Bus service restored to San Juan Ridge after a decade
Bus Route 7
Monday through Friday, the bus leaves Grass Valley at 6 a.m., with its final stop at North Columbia Cultural Center at 6:49 a.m. It leaves the cultural center at 7 a.m., arriving back in Grass Valley at 8 a.m. The afternoon routes leave Grass Valley at 3:30 p.m. and 5:30 p.m.
Adult fares are $3 one way, $1.50 for seniors and children 5-17, children younger than 5 ride free. Monthly passes are available.
For years, San Juan Ridge residents without running vehicles have had to make do, often hitchhiking the 15 to 20 miles to “town.”
Regular bus service has been an elusive dream since the county eliminated their bus route in 2009. But after years of lobbying and persistent efforts by residents, a bus began its inaugural run Monday between downtown Grass Valley and the Ridge.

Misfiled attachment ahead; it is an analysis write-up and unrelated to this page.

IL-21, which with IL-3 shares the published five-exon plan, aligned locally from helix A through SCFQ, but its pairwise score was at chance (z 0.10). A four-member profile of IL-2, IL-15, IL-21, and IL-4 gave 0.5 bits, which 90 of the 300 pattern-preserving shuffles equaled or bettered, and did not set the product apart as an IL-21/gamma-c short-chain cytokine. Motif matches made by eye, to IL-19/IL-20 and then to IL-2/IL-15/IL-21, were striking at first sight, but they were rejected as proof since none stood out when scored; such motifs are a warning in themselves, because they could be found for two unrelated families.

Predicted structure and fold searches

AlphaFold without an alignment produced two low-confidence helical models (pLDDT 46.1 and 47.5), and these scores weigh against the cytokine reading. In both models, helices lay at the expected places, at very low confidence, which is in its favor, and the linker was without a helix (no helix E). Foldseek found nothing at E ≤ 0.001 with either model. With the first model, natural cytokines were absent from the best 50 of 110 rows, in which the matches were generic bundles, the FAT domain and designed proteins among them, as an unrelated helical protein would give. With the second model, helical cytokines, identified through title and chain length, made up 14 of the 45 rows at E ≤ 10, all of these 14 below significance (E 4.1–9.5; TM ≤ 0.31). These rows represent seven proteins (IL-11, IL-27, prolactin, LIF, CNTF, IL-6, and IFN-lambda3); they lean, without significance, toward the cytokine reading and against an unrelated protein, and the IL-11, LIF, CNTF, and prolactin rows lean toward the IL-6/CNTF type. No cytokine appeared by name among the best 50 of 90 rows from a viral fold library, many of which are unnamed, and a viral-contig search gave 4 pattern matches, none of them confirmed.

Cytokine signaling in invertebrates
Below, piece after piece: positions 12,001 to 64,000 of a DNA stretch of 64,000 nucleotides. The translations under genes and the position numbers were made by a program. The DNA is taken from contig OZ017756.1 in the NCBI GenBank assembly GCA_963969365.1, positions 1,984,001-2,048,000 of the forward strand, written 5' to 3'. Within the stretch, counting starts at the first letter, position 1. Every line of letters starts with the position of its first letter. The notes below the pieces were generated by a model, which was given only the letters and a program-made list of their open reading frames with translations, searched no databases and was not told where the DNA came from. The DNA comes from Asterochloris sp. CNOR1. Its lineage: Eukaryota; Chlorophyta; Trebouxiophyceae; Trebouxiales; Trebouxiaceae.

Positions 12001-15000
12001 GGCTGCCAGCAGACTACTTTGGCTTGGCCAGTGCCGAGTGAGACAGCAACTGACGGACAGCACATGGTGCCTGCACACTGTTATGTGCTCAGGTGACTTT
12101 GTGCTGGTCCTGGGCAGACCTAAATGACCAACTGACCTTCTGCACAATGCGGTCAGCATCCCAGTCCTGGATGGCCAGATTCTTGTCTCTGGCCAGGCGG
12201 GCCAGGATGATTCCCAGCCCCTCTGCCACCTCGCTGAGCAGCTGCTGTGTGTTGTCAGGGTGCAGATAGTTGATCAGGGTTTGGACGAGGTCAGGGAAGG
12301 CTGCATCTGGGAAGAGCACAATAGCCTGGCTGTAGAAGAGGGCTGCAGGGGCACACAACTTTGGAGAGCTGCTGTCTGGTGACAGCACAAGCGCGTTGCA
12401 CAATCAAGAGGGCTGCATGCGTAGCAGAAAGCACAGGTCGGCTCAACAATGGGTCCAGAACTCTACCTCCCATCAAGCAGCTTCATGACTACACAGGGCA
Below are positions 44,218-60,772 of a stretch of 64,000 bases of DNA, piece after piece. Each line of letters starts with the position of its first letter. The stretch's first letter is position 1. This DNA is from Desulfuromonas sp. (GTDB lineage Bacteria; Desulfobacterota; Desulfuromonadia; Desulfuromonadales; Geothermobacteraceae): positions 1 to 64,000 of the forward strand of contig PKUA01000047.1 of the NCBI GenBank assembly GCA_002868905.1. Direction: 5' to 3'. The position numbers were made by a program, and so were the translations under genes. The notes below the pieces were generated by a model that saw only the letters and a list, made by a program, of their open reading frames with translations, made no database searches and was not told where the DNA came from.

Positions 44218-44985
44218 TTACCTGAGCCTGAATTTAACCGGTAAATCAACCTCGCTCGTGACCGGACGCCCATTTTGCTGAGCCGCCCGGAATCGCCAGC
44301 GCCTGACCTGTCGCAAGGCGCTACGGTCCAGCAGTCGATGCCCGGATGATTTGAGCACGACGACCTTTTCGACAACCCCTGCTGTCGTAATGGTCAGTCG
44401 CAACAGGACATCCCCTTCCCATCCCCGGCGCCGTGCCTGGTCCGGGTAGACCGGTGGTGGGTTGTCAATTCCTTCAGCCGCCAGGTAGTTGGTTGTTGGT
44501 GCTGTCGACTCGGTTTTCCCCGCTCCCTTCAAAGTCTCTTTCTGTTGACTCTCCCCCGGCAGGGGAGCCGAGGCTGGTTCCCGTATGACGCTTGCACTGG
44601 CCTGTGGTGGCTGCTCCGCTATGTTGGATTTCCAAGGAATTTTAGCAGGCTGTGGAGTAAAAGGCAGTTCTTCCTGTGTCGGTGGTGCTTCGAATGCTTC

“It’s great,” said Jackie McCort, who made a point of being one of the first riders. “I was so excited, like Santa is coming. Three people had already gotten on before me. … We were all just absolutely thrilled. The driver was so nice.”
Route 7 runs from the Tinloy Transit Center past Nevada Union High School and the Rood Center before making stops that include the South Yuba River bridge, North San Juan, Sierra Family Medical Clinic and North Columbia Cultural Center. The new route runs three times a day and takes about two hours round trip — leaving Grass Valley at 6 a.m. and returning starting at 7 a.m., with two more runs starting at 3:30 p.m. and 5:30 p.m. The stops listed are “time points,” and the bus will pull over for riders elsewhere if it’s safe for the driver to stop.